Tonite I beat Dad at chess. First time!

Our basketball team lost. What a surprise it wasn’t. We were cheering hard. Yelling “Mark, Mark, he’s our man! If he can’t do it, NO ONE can!” Mark missed most of his shots tonight.

Well, that’s settled. Here’s who they picked for “Miss El Vaquero.” Maybe if I put on a bikini (and paraded around on campus like Sue over there), someone would notice me, even though I don’t look as good as she does. But, what if that doesn’t even work?

I bought tickets to see Simon and Garfunkel in August! They are Feeling Groovy. (joke)

My parents think I should be happy with my brains. They just don’t understand how brains in a girl are sorely underrated. Maybe if I became a blonde like this “November Dream” over there and wore a pointed bra like hers—but I’d need a little padding of course since I’m so flat-chested.

March 30, 1968: Maybe I’ll be a stewardess. I can take a class here at GC on Monday night. That might be a good career for me, and the article in the school paper says that it’s a glamour job.

But am I pretty enough to get hired?

My brother is growing his hair long. I don’t know why he’d want to look like a messy girl.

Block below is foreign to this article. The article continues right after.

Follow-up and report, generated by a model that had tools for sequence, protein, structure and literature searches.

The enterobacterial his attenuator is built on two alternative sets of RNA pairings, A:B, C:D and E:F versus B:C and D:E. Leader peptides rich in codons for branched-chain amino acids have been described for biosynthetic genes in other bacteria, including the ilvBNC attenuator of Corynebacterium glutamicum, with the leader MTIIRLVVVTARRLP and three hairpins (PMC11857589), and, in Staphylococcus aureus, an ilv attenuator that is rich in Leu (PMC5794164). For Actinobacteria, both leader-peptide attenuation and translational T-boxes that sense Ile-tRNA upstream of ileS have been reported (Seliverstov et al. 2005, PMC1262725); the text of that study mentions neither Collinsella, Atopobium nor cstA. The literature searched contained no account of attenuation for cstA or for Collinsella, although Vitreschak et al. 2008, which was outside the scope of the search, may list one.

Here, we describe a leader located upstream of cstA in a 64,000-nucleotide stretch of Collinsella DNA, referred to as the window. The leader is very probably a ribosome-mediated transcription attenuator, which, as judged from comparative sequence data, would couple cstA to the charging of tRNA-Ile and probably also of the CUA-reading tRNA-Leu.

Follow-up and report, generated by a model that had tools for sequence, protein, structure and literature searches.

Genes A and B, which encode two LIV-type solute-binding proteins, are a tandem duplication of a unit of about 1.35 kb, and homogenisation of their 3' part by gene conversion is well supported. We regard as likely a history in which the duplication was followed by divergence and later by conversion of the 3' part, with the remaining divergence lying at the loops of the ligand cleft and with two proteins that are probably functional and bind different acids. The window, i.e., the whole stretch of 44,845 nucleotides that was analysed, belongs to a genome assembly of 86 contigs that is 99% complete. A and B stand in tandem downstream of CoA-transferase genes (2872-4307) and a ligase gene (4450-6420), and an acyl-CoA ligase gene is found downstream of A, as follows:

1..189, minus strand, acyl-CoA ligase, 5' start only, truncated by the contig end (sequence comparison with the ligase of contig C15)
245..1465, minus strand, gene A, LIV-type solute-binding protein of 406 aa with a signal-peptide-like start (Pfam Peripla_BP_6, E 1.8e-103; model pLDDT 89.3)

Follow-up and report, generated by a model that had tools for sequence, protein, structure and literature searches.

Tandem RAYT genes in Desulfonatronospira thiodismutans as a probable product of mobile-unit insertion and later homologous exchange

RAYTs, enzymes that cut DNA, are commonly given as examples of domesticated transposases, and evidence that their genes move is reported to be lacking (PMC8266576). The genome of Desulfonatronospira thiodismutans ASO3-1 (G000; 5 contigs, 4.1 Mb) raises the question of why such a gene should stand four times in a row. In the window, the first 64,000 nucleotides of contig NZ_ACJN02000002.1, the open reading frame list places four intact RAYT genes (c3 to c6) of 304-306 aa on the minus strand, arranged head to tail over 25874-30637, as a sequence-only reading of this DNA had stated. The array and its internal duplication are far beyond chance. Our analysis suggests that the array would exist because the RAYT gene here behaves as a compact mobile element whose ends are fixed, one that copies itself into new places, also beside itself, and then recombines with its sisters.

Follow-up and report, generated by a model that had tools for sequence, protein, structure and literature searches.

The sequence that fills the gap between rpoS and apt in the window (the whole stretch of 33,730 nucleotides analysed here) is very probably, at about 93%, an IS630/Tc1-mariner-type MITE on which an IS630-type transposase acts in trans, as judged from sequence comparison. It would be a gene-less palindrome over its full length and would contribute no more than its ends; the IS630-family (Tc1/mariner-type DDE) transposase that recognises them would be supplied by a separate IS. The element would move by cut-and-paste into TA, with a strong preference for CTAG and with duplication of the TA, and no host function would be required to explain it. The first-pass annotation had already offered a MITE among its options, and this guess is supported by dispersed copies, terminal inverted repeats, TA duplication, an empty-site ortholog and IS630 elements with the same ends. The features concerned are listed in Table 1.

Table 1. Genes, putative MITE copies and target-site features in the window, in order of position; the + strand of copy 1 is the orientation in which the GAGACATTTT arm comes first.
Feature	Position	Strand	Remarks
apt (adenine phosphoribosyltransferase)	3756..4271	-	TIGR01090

Things seem a little bit in upheaval these days.

March 31, 1968: Another fire drill! Gosh, why do we have to keep filing out of our classrooms over and over? We’ll never get anything done at this rate!

I think I’m interested in the new War on Poverty that President Johnson started. I feel sorry for poor people and would like to see if I could help them. I know I’m only one person, but maybe I could make a little bit of difference.

Yes! Resolved: I will see what I can do about poverty. My father says they just have to work harder and they would become “not poor,” but I don’t think it’s always their fault.

April 10, 1968: Today I worked at my first soup kitchen with some kids from school. I didn’t know anyone, but we car-pooled downtown and went to the homeless mission there. Secretly, I was kinda scared, but then I just got busy with the food. I did the dishes afterwards, but I was crying to see so many people without homes, clothes, or food. I feel like maybe if more people shared with them, things could get better.  Randy didn’t come. I wonder if he wants to help the poor.